See how it doesn’t matter whether you insure your blackjack or take even money on it?

Oh but wait! What if the dealer does have blackjack too and you have taken insurance? In that instance your blackjack would push his. And you would collect $10 on your insurance bet. It’s still the same $10 profit.

What even money does is simplify the steps in giving you the same amount you would win if you took insurance on your blackjack. But dealers don’t get a 10 for a hole card often enough to warrant taking insurance or even money in any case. Your best bet is to decline both and stick with your basic strategy.

Even Money is a Drain

We have all at one point or another been offered even money.

Even money is only offered under certain conditions. First, you have to have been dealt a natural 21. Second, the dealer’s up card must be an Ace. At that point the dealer will offer you even money.

Even money means that you are betting the same amount that you stand to lose. For example, an even money bet is when you are betting $10 to potentially win $10.

Under the circumstances that even money is offered, you can pretty much think of it as a type of “insurance” bet. With your natural and his Ace up card he will offer you even money. What this even money does is give you an immediate one to one payout.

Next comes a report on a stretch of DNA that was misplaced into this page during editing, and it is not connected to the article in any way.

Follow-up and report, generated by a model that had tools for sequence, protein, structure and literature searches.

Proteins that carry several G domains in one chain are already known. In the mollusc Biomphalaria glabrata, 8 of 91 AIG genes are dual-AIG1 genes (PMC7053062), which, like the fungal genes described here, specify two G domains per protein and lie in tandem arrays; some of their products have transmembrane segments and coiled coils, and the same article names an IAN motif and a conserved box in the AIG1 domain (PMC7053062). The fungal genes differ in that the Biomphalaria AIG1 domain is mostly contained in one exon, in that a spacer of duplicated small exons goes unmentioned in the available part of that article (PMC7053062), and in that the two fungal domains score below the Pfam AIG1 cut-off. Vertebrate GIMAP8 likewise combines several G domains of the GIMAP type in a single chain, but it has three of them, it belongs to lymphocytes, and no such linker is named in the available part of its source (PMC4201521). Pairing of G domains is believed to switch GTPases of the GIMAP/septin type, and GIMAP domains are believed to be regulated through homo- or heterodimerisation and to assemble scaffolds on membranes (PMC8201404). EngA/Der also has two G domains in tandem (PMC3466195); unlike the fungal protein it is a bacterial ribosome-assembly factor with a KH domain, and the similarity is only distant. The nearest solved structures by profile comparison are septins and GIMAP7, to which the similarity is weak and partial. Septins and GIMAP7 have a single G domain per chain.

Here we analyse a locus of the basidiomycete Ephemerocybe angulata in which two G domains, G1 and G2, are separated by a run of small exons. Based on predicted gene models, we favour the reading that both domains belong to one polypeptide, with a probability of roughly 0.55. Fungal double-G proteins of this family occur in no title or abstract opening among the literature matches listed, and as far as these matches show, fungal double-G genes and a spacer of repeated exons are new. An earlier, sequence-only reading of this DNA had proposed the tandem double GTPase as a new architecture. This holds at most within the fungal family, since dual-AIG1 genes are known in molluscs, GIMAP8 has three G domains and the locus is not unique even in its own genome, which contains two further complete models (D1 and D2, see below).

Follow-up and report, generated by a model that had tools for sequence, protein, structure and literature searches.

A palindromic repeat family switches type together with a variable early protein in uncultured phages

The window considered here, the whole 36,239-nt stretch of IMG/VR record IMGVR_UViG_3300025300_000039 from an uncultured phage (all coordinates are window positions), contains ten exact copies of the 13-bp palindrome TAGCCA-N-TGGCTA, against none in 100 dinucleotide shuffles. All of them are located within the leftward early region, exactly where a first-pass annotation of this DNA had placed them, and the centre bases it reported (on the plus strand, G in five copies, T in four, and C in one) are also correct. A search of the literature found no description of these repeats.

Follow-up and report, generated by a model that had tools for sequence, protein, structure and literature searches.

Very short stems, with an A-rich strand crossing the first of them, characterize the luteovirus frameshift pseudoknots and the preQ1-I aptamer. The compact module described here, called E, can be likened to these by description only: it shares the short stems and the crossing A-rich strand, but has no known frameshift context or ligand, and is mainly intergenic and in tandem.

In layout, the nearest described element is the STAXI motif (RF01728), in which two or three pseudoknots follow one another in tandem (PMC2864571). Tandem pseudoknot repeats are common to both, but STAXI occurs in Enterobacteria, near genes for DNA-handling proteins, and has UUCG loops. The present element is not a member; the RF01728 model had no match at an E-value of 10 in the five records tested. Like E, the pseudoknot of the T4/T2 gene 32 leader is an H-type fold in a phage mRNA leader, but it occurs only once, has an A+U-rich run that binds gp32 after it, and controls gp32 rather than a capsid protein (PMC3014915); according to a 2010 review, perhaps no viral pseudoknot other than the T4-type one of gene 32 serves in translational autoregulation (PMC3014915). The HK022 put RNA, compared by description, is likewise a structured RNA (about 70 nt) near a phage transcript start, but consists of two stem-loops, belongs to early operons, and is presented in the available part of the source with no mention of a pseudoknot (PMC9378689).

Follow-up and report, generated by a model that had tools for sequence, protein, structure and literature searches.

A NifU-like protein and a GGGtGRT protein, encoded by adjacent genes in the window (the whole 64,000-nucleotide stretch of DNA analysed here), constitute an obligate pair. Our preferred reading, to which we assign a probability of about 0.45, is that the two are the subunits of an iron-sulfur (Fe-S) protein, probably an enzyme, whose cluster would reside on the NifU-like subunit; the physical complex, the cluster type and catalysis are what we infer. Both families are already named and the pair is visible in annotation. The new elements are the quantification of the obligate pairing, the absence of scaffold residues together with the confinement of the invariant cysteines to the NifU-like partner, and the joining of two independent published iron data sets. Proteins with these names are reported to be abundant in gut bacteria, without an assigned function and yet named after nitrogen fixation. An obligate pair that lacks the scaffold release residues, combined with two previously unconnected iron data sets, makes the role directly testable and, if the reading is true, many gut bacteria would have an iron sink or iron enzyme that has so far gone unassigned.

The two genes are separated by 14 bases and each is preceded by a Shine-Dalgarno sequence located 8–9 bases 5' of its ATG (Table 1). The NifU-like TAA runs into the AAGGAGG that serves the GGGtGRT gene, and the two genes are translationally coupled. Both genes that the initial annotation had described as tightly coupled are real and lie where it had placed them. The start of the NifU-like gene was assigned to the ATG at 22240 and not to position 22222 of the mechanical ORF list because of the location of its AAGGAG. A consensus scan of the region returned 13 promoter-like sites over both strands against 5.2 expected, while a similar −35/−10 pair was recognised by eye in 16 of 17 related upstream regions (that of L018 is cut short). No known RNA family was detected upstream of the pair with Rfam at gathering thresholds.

Normally when you and the dealer both have naturals it’s a push and you win nothing, but you lose nothing also. Even money gets you a one to one payout.

But if you do this you’re sacrificing the additional 50% payout that you would bet if the dealer doesn’t have a blackjack.

So while even money might feel a bit safer you will in fact lose more money in the long run than if you avoided even money. How much are you losing? About 4% of your profit potential.

My advice is to not take even money. True you’re thinking that you’re giving up that one to one payout, but you’re not really gaining anything. Let’s say the dealer also has a natural blackjack and you have to push—you haven’t lost any money! Your profit potential hasn’t been hurt.

Since you aren’t standing to lose any money, even if you come face to face with a dealer’s natural, go ahead and decline the even money. If you have a higher hand value than the dealer or the dealer busts, you will win the three to two payout. And if the dealer has a natural too, so what? You haven’t lost any money.